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Indian police deploy portable fingerprint biometric scanners and app to ID suspects

Biometric equipment standards defined
Indian police deploy portable fingerprint biometric scanners and app to ID suspects

Police in Karnataka, India, have deployed portable scanners and a new app connected to the force’s automated fingerprint identification system (AFIS) to check the criminal records of suspected individuals on-the-go via finger biometrics.

The news was reported by The Indian Express, which said the portable fingerprint scanners have access to a database of over 200,000 fingerprints of criminals involved in property crimes in the area.

The move is part of a project called Mobile-Crime and Criminal Tracking Network Systems (M-CCTNS), which reportedly saw the deployment of roughly 2,500 new biometric devices to police stations across the state.

Each scanner costs INR 2,500 (roughly US$31), with four or five devices being provided to police stations with large numbers of cases and two each to other, smaller stations.

The manufacturer of the biometric scanners is not revealed in the report. A video from ETV Bharat of a similar system in use in Bengaluru appears to show scanners with Light-Emitting Sensor technology, meaning from Integrated Biometrics.

Initially deployed to identify burglars based on prints collected by police forces from crime scenes, the AFIS is now also being used by patrolling police officers to identify people found to be moving suspiciously.

According to The Indian Express, the biometric devices have scanned 93,645 fingerprints over the last year-and-a-half and found 3,294 matches with criminal records.

The software for the finger biometric system – a mobile app — was created by Capulus Technologies, a technology partner involved in the M-CCTNS project.

Karnataka police launch M-CCTNS app

The company recently published a case study about the M-CCTNS app, highlighting its features and role within the project.

According to the Capulus Technologies write-up, the M-CCTNS app is modular. It offers police officers real-time access to criminal profiles and history alongside crime mapping and analytics capabilities.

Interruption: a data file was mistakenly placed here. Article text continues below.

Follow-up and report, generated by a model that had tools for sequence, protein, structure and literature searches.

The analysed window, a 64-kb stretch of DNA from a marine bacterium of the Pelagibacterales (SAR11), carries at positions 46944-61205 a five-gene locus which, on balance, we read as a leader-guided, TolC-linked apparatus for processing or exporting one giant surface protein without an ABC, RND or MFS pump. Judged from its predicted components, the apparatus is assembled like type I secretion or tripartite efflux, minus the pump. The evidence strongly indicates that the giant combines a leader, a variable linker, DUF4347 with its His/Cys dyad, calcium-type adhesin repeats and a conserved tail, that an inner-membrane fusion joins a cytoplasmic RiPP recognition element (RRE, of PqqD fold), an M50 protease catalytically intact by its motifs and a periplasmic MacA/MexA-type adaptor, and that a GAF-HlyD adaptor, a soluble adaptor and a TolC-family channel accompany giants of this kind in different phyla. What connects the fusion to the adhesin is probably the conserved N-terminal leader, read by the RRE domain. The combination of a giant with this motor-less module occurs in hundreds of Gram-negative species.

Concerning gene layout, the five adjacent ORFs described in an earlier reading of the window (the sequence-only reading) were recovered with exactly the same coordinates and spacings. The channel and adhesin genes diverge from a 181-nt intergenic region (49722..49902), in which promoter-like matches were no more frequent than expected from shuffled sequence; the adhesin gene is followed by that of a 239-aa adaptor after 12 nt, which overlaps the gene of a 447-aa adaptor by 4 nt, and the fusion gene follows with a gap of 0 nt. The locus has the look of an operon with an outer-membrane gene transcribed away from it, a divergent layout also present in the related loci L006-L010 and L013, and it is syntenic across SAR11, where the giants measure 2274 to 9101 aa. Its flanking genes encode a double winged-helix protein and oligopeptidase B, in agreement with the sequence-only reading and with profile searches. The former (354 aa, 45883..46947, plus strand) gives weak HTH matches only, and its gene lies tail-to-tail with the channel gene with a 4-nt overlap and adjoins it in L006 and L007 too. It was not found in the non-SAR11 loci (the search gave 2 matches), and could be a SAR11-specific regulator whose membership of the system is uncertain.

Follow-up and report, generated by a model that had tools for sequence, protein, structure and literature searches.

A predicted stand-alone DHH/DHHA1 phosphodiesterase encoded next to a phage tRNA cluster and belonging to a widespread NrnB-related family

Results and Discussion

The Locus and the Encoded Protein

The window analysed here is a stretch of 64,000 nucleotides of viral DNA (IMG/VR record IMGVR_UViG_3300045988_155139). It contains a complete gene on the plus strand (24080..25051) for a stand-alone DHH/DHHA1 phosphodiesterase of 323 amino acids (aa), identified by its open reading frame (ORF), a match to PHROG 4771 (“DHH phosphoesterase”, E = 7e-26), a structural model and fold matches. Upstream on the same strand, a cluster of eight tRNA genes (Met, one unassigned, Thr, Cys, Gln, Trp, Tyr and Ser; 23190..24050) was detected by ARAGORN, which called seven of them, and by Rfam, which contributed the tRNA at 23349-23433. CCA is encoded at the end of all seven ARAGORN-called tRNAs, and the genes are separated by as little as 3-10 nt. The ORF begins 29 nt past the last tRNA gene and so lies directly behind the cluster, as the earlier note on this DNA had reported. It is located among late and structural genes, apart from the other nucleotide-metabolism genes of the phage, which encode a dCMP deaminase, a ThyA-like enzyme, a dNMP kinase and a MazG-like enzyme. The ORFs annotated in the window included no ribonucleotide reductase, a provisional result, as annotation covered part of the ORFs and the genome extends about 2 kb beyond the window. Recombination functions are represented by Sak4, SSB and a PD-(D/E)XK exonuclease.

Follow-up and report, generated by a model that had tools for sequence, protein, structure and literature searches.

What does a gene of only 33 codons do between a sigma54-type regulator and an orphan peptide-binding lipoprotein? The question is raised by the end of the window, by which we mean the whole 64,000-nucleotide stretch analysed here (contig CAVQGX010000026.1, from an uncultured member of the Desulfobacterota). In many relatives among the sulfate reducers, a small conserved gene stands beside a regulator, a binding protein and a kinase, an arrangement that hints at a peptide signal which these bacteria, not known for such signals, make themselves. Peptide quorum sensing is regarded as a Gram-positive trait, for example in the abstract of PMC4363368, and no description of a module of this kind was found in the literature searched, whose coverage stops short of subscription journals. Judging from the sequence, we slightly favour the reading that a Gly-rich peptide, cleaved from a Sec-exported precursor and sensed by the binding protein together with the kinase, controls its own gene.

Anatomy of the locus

Further, the app offers a feature to help officers to coordinate arrests across jurisdictions, perform vehicle crime searches, and access missing person and unnatural death record (UDR) information.

As mentioned above, the M-CCTNS app is also a counterpart to the portable biometric scanning devices. The software communicates with external portable fingerprint scanners connected to the mobile phone and provides an interface to scan individual fingerprints.

The app then communicates the captured fingerprint to a central biometric gateway through application programming interfaces (API) and sends it to AFIS, which performs fingerprint identification on the database and gets the result.

Suppose the M-CCTNS application finds a positive ID. In that case, fingerprint results are linked to the criminal’s demographic details in the Person of Interest module, and a related criminal profile is displayed on the officer’s phone.

Three other states are reported to be in the advanced stages of deploying the M-CCTNS system.

India’s new law specifies biometric equipment standards

The Criminal Procedure (Identification) Act 2022 came into effect in India in August, officially replacing the Identification of Prisoners Act of 1920.

Initially passed in April 2022, the legislation empowers police to collect biometric data but, more broadly, also makes it mandatory for the National Crime Records Bureau (NCRB) to develop a standard operating procedure to specify equipment and devices for collecting biometric data.

This will include the digital and physical format in which the measurements will be taken, according to a recent analysis by The Economic Times.

Additionally, the new law asks the NCRB to list ways of handling and storing data in states and union territories (UT) across India.

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